DURING A RECENT briefing for Mayor Walsh on a spate of murders in January, top Boston Police officials provided the mayor with a list of 27 so-called “impact players’’ — mostly gang members who drive much of the violence in Boston. The mayor got right to the point during a subsequent interview with Globe columnist Adrian Walker.
“Their future should be worrying about getting a job and going to school,’’ said Walsh. “That’s 27 people. You look and say, ‘What’s in their heads?’ ’’
Excellent question. What exactly is the mental process that drives young men to kill and maim on the streets of Boston scores of times each year? Last month alone, police reported nine homicides, which they attributed in significant measure to retaliatory gang shootings. It was the most deadly January in at least six years, and hardly the welcome Walsh had hoped for as he settled into his first few weeks on the job.
For about a century, social scientists and criminologists have been analyzing data and conducting interviews aimed at understanding the motivations of violent street gang members. They’ve come at it from nearly every sociological and psychological perspective. Some researchers see gangs as a logical extension of efforts to control illegal street commerce. Others attribute the violence to distorted expressions of masculinity in poor neighborhoods, stressful families, poor education, or failed transitions from childhood to adulthood among the 14- to 18-year-old-set. But Walsh’s question still hangs unanswered over the city.
One intriguing theory about what goes on inside the heads of the most violent gang members comes from urban anthropologist James Diego Vigil at the University of California, Irvine. He sees many gang members as living in a state of “quasi-controlled insanity’’ that manifests itself in fearlessness and bursts of destructive behavior. Spanish-speaking gang members in California, said Vigil, coined the term “locura’’ (from loco, crazy) to describe this mental state. But it can be applied to gang members across the board.
Vigil explained that many gang members put on a crazy act as a means of survival. But others have descended into a state of actual craziness. Their “sense of worthlessness” becomes so great, writes Vigil, that it leads them “to question why anyone else should be worth anything.’’
Not the type of guys you’d want to meet on a street corner.
Vigil’s theory challenges the widely held belief among police and gang experts in Boston that even the worst gang members will act rationally if given the opportunity. Boston is known for pioneering a strategy in the mid-1990s that featured teams of law enforcement officers and ministers sitting down with gang members and presenting them with two options: Accept help with job training and education or prepare for police scrutiny so intense it could lead only to lengthy prison sentences. It worked so brilliantly back then that Boston didn’t record a single youth homicide during a 29-month period ending in January 1998. Since then, however, the strategy has met with limited success.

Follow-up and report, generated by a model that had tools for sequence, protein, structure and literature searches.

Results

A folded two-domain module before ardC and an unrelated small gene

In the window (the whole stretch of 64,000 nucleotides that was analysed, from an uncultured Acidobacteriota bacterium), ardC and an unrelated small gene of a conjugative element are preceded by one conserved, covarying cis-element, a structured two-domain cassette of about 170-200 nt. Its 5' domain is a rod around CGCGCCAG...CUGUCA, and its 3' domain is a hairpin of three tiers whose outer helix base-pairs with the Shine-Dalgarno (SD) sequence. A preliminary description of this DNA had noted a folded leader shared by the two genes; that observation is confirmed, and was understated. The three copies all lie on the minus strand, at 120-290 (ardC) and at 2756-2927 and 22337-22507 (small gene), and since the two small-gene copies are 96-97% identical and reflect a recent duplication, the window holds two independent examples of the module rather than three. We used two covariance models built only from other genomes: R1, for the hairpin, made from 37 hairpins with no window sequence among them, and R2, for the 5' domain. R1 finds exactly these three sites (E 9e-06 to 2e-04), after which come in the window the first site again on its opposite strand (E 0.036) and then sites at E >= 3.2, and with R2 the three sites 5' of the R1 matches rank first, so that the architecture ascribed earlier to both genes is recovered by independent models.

Roy Martin of the Boston Public Health Commission works mainly with lists of “impact players’’ provided by police. He steers them into social services, jobs, schools, or anywhere that will help them break the bonds of gangs. The 44-year-old Martin, who served time in prison for a gang-related shooting, believes that inadequate socialization, not mental illness, drives the violence.
“They [violent gang members] turn right back into kids after you spend time with them,’’ said Martin. “They get rid of that mad dog look.’’
Walsh, like the rest of the city, needs to struggle with this issue. Should the city’s efforts continue to focus on current intervention strategies that assume that gang members will turn away from violence if given rational alternatives? Or are the “impact players’’ crazy to the point that it is better to concentrate on ways to cross their blood-brain barriers with effective medications before they cross our paths?
Boston’s violence reduction strategy needs an additional lever: Push “impact players’’ to accept psychiatric screening and related treatment or prepare for relentless scrutiny by law enforcement. To this point, a recent Queen Mary University of London study found exceptionally high levels of psychiatric illnesses — including psychosis — among gang members in Britain.
Meanwhile, Walsh could tuck the list of 27 “impact players’’ into his top draw for a year and then compare how many are dead, maimed, or in prison with the number who have found their way onto a productive track. It might say a lot about what went on inside their heads.Lawrence Harmon can be reached at firstname.lastname@example.org